Lithium Aluminum Hydride-Cobalt(II) Chloride

LiAlH4-CoCl2
(LiAlH4)

[16853-85-3]  · AlH4Li  · Lithium Aluminum Hydride-Cobalt(II) Chloride  · (MW 37.96) (CoCl2)

[7646-79-9]  · Cl2Co  · Lithium Aluminum Hydride-Cobalt(II) Chloride  · (MW 129.83)

(reducing agent for alkenes,1,2 alkynes,1,2 halides,1,3,4 and tosylates;3 catalyst for the reduction of arenes5)

Physical Data: see Lithium Aluminum Hydride and Cobalt(II) Chloride

Solubility: see Lithium Aluminum Hydride and Cobalt(II) Chloride; reactions using this reagent system typically utilize THF as solvent.

Form Supplied in: formed in situ from widely available reagents.

Preparative Method: the organic substrate (1 equiv) in THF is transferred via syringe into a cold (-40 °C) flask containing dry cobalt(II) chloride (1 equiv for stoichiometric use, 0.1 equiv for catalytic use). To this mixture is slowly added the calculated amount of lithium aluminum hydride (1 equiv) in THF solution, which is accompanied by a color change to black, concomitant with the evolution of gas.1

Handling, Storage, and Precautions: see Lithium Aluminum Hydride and Cobalt(II) Chloride.

Reduction of Alkenes and Alkynes.

Reduction of alkenes by lithium aluminum hydride alone has historically proven to be an inefficient manipulation. Addition of CoCl2 to the system dramatically overcomes most obstacles to this process. 1-Octene is reduced by LiAlH4-CoCl2 when using the transition metal chloride in either stoichiometric or catalytic amounts (eq 1).1 Yields in excess of 90% are not atypical for the reduction of mono-, di-, and trisubstituted carbon-carbon double bonds. Eq 2 is illustrative of the efficiency of this reagent.2 Benzene is reported to have been fully reduced in 76% yield in the presence of hydrogen.5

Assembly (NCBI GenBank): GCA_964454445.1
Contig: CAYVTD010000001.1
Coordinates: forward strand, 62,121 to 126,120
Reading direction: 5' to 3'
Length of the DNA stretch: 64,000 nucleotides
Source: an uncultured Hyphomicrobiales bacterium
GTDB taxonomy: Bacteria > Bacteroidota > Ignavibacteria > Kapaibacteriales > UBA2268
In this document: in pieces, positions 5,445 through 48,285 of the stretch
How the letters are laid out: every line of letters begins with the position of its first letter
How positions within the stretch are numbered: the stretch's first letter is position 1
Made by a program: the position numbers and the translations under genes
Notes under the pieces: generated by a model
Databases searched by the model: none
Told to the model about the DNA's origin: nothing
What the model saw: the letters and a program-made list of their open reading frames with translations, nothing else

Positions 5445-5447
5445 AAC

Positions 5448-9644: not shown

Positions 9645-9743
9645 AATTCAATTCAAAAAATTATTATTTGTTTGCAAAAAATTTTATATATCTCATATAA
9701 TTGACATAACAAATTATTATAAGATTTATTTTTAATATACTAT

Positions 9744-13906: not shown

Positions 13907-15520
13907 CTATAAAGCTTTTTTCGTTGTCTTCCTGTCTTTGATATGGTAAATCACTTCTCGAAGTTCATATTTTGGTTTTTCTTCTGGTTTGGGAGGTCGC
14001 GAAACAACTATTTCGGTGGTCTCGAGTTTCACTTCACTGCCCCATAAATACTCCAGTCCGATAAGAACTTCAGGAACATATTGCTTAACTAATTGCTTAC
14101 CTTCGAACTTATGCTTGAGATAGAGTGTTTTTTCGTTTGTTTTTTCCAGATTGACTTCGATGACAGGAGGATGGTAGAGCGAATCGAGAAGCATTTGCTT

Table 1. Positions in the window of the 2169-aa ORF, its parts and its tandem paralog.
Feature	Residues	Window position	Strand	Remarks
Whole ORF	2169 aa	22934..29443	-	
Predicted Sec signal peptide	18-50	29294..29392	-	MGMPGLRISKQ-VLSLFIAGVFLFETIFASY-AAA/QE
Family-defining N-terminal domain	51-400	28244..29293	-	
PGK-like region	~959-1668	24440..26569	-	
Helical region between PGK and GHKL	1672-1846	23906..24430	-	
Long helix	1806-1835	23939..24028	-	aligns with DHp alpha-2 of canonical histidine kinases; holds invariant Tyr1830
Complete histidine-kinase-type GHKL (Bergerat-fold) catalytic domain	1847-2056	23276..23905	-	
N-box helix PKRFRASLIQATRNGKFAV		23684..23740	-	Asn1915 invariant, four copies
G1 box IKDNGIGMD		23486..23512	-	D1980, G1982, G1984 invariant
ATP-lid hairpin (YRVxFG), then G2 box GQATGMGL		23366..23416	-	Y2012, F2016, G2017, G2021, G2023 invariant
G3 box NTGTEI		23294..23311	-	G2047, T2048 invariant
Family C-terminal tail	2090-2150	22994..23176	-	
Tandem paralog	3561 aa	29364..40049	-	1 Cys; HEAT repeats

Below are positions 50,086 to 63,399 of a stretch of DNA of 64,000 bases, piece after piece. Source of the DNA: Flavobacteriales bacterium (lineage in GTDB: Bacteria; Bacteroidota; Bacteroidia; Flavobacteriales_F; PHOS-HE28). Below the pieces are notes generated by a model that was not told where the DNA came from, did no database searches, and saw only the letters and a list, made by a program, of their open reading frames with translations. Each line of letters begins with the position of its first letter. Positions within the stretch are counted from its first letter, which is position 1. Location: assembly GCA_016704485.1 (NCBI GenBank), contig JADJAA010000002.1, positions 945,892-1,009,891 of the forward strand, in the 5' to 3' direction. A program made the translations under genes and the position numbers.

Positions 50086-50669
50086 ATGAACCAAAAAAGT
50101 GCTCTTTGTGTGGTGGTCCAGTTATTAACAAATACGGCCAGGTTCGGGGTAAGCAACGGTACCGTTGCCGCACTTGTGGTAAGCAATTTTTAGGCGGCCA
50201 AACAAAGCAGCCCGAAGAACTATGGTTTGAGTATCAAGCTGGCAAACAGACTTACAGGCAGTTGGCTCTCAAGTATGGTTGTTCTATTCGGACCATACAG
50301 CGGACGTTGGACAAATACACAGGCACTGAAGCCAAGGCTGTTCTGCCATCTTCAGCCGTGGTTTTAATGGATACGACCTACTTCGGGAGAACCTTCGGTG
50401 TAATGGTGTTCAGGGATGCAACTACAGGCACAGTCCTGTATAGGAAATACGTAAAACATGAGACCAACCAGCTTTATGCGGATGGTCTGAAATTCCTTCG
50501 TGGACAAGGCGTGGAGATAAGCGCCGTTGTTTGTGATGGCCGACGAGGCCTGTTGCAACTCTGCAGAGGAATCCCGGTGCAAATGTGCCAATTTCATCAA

Alkynes may be reduced to alkenes in similar fashion. Terminal alkynes are reduced to the alkene oxidation state without event (eq 3).1 However, reduction of aryl-substituted or internal alkynes is typically a low yield process.1,2 Reduction of these p-systems is postulated to proceed through a metal-hydride reducing agent.2

Reduction of Halides and Tosylates.

The title reagent system is perhaps of most use in the reduction of halides and tosylates. Alkyl halides are reduced in high yield irrespective of the halogen (eq 4).1,3 Furthermore, n-octyl tosylate was reduced in quantitative yield using the catalytic variation of this system. Secondary and tertiary bromides are reduced easily when stoichiometric quantities of the transition metal chloride are used (eq 5).1,3

Replacement of bromine by hydrogen in triarylvinyl bromides, with concomitant loss of stereochemical integrity where applicable, has been achieved in high yield.4 Similarly, phenyl bromide and iodide are reduced to benzene in 74% and 98% yield, respectively, when stoichiometric amounts of CoCl2 are utilized.3

The use of Nickel(II) Chloride as the transition metal chloride provides a reagent that behaves similarly to the cobalt(II) chloride system, often giving higher yields.3


1. Ashby, E. C.; Lin, J. J. TL 1977, 18, 4481.
2. Ashby, E. C.; Lin, J. J. JOC 1978, 43, 2567.
3. Ashby, E. C.; Lin, J. J. JOC 1978, 43, 1263.
4. Obafemi, C. A.; Lee, C. C. CJC 1990, 68, 1998.
5. Murugesan, N.; Sarkar, S. IJC(A) 1976, 14A, 107.

Jeffrey N. Johnston

The Ohio State University, Columbus, OH, USA



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